Cutting-edge technology, life-saving equipment and innovation

Being on the cutting-edge of health-care treatment and research requires an investment in new technologies and equipment. By using the latest that science and technology has to offer, such as virtual reality, 3D printing, and robotics, our researchers and medical professionals are pushing the boundaries of science and ultimately create better outcomes for our patients.

The latest technology, equipment and innovative ideas

Using state-of-the-art technology is how we are able to deliver 21st century health care right here in Ottawa. We believe that if we get the very best tools into the hands of the very best people, together with the help of our community, we can overcome some of health care’s biggest challenges.

Infirmière travaillant au service des urgences

 

At The Ottawa Hospital, we are leaders in innovative thinking and are committed to tackling the world’s most complex health-care issues. We are pushing the boundaries of what has always been done to find new ways forward. When it comes to your health, and the health of your loved ones, we won’t settle for mediocrity.

Innovations thanks to donor support

Platinum seed planted to transform radiation treatments
This tiny platinum 'seed' helps deliver precise radiation to tumours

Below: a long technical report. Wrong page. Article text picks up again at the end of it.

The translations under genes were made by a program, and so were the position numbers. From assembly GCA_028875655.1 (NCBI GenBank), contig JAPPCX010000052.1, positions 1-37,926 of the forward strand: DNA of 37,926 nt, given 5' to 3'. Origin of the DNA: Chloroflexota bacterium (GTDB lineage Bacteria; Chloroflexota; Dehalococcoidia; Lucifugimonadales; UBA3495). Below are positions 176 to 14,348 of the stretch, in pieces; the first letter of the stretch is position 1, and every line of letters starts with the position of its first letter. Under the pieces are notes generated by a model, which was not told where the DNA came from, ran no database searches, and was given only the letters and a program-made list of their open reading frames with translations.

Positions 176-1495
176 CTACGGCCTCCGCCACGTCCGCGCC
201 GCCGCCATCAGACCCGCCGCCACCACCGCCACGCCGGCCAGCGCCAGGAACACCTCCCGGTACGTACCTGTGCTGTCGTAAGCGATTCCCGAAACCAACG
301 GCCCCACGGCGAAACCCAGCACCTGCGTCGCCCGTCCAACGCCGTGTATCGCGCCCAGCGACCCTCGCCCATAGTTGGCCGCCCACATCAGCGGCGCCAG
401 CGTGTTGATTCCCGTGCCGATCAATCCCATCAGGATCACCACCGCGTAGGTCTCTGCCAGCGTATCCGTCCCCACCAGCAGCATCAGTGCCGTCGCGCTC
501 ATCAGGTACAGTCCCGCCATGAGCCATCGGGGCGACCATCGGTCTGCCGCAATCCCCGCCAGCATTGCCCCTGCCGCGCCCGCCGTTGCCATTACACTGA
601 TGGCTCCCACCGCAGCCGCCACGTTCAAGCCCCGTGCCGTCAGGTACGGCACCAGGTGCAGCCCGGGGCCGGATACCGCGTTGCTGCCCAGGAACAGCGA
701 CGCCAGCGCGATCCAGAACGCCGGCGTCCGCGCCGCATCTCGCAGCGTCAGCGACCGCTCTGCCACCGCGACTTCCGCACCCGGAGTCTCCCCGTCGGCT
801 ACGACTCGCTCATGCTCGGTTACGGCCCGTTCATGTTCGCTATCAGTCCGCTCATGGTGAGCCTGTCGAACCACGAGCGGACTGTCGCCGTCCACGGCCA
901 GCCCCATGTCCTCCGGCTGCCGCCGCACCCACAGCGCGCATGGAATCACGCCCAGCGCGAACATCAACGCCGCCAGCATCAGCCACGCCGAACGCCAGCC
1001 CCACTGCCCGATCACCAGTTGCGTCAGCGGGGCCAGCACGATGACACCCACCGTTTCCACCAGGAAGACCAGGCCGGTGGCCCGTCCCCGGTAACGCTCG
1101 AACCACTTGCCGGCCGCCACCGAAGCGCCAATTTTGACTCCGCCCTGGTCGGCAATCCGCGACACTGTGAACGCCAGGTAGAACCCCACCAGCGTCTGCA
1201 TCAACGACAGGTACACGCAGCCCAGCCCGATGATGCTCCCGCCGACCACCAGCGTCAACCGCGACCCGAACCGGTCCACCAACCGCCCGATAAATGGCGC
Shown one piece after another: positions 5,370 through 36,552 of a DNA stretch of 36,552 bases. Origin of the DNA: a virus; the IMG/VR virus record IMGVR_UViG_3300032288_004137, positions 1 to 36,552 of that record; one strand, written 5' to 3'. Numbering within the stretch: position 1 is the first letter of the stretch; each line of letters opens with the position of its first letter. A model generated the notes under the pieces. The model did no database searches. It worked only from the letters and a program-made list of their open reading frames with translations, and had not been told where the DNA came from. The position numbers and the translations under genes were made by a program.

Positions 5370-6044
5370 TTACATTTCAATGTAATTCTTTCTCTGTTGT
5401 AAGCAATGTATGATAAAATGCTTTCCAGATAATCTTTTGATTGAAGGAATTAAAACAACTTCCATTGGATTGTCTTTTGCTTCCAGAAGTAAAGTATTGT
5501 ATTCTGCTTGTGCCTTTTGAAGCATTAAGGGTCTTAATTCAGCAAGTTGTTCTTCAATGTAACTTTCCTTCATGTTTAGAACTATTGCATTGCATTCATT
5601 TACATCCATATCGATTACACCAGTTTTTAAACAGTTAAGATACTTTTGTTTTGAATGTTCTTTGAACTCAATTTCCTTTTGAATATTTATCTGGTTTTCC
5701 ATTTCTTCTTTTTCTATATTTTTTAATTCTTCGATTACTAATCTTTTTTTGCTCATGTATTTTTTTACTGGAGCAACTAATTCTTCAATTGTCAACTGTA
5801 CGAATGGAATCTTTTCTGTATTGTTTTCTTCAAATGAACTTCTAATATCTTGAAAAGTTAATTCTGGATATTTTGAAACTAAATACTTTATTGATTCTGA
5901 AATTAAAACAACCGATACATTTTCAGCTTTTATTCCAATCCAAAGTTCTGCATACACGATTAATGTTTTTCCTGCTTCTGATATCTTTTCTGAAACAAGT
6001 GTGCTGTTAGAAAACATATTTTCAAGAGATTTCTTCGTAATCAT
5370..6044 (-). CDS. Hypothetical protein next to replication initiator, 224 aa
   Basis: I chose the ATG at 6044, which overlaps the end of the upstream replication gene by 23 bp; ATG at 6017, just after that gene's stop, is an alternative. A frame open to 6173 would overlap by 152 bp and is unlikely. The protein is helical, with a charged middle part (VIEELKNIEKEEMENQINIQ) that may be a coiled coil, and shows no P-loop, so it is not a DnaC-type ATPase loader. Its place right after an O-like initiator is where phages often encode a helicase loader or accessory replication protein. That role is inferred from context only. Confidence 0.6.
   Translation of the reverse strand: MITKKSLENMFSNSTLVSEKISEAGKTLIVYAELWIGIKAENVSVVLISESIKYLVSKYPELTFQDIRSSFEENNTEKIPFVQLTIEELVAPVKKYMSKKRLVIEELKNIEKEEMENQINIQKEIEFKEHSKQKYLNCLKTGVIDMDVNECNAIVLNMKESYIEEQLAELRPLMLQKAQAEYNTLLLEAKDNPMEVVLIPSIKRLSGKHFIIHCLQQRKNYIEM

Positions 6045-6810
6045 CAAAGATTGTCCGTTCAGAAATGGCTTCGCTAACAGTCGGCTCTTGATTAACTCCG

3D virtual reality helps our surgeons
Our 3D technology is helping our surgeons and Parkinson's patients
Cyberknife destroys inoperable tumours
This radiosurgery robot is improving outcomes for patients.

Donate today in support of state-of-the-art technology so we can continue to push the boundaries of medicine and revolutionize the care we provide patients.

Be Inspired

True love will continue through legacy gifts
Through their gift in a will to The Ottawa Hospital, Jim and Pat’s love will continue by providing care and attention to patients in years to come.
Mid-surgery decision to leave abdomen open for two days saves woman’s life
Phyllis’ life was on the line. A twist in her small intestine was causing it to die. But a surgical technique to leave her abdomen open saved her life.
Hope despite aggressive skin cancer diagnosis
Diagnosed with a stage 4 melanoma at the age of 62, Dan Collins feared for his life when he learned about the aggressive form of cancer. However, immunotherapy treatment gave him a reason to hold out hope.